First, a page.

A recent study, featured in the scientific journal 'Emergencias,' has unveiled a direct correlation between the presence of two or more factors, such as illiteracy, anxiety, or the absence of caregivers, and the likelihood of patients returning to the Emergency Service within 30 days
Early warnings based on these factors can assist ED teams in identifying potential returning patients
This research offers valuable insights for crafting specific strategies aimed at enhancing the continuity of care through primary care and social services, thus reducing the strain on the healthcare system caused by frequent re-visits to the Emergency Service
The principal investigator of the study is a nurse in the Emergency Department at Bellvitge Hospital and a member of the Nursing Research Group at the Bellvitge Biomedical Research Institute
A recent study underscores the direct impact of psychoemotional, cultural, and social factors on reconsultations to the Emergency Service. This research, spearheaded by Andrea Urbina, a nurse at the Emergency Service of the Bellvitge University Hospital (HUB) and a researcher in the nursing research group GRIN-IDIBELL, reveals that patients' emotional and social well-being play a crucial role. In fact, it indicates that patients with more complex conditions are more likely to seek medical attention again within 30 days after being discharged from the Emergency Service.
Traditionally, the patient's biological realm has received more attention in research, specifically in examining how factors like age and medical conditions relate to adverse health outcomes. Nevertheless, there are additional facets of care complexity that also exert an influence on the patient's progression, including the socio-cultural and psycho-emotional dimensions.
"This study demonstrates the significance, for healthcare practice, of comprehensively assessing all aspects of a patient's well-being, rather than focusing solely on their medical condition, when addressing their healthcare needs. Emotional well-being, cultural background, and social factors may serve as pivotal elements that impact how frequently an individual seeks care in emergency services," remarks nurse Andrea Urbino.
Evidence for a better continuity of care in the health system
Data collected from 15,556 patient episodes attended to at HUB's Emergency Services reveal that 82.4% of them present some form of care complexity.
Furthermore, approximately 12% of patients revisit the Emergency Department for consultations within 30 days of discharge. Among the factors most frequently linked to these reconsultations are incontinence, haemodynamic instability, risk of haemorrhage, advanced age, anxiety, fear, impaired cognitive functions, and illiteracy. This study
underscores that reconsultations are also influenced by socio-economic and cultural factors, as well as issues related to comprehensive health and social vulnerability."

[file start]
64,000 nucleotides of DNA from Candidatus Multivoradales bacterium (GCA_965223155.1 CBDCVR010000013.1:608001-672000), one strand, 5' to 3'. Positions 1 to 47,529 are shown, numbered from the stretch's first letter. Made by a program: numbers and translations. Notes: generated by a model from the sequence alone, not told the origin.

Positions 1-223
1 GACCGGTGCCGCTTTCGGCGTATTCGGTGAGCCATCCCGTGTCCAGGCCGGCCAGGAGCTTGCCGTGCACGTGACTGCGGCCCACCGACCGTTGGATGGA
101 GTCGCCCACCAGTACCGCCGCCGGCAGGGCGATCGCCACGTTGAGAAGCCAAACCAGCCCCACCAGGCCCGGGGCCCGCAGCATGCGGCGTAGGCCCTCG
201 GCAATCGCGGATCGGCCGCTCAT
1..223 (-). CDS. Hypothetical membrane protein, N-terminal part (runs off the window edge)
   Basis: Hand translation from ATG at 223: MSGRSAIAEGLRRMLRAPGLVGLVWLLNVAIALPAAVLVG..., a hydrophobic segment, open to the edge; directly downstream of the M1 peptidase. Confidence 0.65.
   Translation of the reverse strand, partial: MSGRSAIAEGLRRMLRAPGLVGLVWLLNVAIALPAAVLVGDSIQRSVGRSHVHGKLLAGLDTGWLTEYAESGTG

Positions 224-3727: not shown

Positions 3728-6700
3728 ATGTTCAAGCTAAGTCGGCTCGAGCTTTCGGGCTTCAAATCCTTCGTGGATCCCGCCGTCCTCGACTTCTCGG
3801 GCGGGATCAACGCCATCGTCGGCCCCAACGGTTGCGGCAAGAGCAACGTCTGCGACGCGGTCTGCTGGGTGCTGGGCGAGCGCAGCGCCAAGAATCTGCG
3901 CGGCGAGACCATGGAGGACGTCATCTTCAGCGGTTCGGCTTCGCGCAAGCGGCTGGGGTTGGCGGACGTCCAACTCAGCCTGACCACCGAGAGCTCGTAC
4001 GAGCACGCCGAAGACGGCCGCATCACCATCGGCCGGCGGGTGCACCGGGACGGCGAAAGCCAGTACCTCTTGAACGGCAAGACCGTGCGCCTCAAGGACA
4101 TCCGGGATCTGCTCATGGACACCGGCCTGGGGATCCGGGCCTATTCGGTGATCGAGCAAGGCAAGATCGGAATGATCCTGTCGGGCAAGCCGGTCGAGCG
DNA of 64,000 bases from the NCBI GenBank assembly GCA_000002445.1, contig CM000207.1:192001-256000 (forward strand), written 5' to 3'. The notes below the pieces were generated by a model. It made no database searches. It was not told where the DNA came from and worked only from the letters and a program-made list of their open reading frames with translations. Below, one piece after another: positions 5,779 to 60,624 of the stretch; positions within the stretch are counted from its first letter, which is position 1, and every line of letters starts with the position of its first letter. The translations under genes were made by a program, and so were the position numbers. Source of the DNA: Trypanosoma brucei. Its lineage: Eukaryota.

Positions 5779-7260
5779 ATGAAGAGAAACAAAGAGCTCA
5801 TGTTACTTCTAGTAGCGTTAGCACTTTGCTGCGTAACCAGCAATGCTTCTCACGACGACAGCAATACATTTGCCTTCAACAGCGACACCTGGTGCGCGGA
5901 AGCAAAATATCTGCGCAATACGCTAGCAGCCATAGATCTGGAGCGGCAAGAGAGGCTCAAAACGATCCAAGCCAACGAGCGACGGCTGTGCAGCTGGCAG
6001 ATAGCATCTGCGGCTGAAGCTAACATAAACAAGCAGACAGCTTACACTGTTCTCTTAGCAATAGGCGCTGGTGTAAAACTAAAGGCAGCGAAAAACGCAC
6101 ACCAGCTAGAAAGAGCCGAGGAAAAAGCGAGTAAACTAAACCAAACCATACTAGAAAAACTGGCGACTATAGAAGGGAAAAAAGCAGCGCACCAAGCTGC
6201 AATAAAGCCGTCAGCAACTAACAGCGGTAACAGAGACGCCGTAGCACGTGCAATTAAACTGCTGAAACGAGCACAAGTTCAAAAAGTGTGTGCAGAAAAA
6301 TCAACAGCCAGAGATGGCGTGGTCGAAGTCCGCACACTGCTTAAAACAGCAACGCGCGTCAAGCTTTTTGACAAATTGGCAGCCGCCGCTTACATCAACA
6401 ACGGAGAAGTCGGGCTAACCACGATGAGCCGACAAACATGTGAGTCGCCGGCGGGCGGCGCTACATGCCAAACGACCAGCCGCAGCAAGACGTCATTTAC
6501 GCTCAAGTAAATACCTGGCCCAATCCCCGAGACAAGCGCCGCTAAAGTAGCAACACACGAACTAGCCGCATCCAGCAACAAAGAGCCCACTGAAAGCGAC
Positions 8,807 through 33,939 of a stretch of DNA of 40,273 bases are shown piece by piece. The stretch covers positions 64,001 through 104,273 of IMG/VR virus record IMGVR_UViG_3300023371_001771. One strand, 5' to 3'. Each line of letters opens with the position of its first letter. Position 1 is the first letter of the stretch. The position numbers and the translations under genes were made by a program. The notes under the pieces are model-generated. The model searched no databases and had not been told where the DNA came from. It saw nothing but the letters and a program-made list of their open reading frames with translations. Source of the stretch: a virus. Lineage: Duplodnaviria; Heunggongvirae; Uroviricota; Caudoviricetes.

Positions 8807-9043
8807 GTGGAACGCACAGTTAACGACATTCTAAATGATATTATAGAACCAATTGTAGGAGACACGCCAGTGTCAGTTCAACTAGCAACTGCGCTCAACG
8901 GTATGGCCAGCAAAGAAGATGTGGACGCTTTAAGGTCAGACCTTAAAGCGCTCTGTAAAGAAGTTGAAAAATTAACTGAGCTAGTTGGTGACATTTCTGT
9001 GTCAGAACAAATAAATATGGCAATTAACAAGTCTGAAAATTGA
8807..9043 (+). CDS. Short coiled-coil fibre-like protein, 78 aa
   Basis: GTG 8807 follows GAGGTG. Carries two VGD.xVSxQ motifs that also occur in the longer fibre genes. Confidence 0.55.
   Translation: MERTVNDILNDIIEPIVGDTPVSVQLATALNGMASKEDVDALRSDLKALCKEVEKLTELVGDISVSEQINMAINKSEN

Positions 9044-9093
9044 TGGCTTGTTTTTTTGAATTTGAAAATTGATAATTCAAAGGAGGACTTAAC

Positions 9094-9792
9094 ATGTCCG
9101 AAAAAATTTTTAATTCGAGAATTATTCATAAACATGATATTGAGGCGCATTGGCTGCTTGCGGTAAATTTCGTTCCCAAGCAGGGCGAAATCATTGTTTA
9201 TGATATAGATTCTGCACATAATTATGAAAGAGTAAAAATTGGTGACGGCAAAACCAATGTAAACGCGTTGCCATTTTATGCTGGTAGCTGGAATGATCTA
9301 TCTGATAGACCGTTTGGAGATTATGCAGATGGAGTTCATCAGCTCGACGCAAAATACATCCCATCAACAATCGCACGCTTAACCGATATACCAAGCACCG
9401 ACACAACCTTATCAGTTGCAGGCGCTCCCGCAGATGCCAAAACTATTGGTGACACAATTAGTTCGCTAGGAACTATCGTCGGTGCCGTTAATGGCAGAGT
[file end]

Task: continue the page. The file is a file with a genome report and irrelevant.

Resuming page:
Incorporating this information as an alert within the electronic medical records could assist Emergency Service teams in identifying patients at a heightened risk of needing urgent care again. This, in turn, enables the development of strategies aimed at enhancing continuity of care while simultaneously mitigating the economic impact on the healthcare system," explains the nurse from HUB's Emergency Service.
The findings of this study present a range of challenges and opportunities. These include the potential establishment of novel approaches for patient follow-up with primary care providers, the improvement of care continuity, and coordination with social services professionals upon discharge.
A Decade of State-of-the-Art Nursing Research at Bellvitge
This study has been published in the esteemed scientific journal 'Emergencias,' renowned as one of the leading journals in the global field of emergency care. The study's authors are members of the GRIN-IDIBELL nursing research group, a team that has dedicated over a decade to investigating the intricacies of patient care. This research group has been under the leadership of Dr Maria Eulàlia Juvé.
Dr Juvé is known for the creation of the ATIC terminology within the nursing knowledge architecture, a significant contribution developed within the framework of the Institut Català de la Salut.
The publication of this article has been accompanied by an editorial that underscores the significance of advancing research in the realm of care complexity, with the overarching challenge of “embracing a holistic nursing perspective in patient assessment."
Precisely, GRIN-IDIBELL work together in the Complex Patient line to open future lines of research on the impact of the care complexity on patients’ health outcomes.
This recent study constitutes a segment of the doctoral thesis conducted by nurse Andrea Urbina, under the guidance of Dr Jordi Adamuz, a research support nurse at the Bellvitge University Hospital, and Dr Marta Romero, a professor at the Faculty of Nursing at the University of Barcelona.
Urbina, A; Juvé-Udina, M.E; Romero-García, M; Delgado-Hito, P; González-Samartino, M; Adamuz, J; 2023. Factores de complejidad de cuidados asociados a la reconsulta en un servicio de urgencias. Emergencias (Revista Científica de la Sociedad Española de Medicina de Urgencias y Emergencias). Read it here: http://emergencias.portalsemes.org/descargar/factores-de-complejidad-de-cuidados-asociados-a-la-reconsulta-en-un-servicio-de-urgencias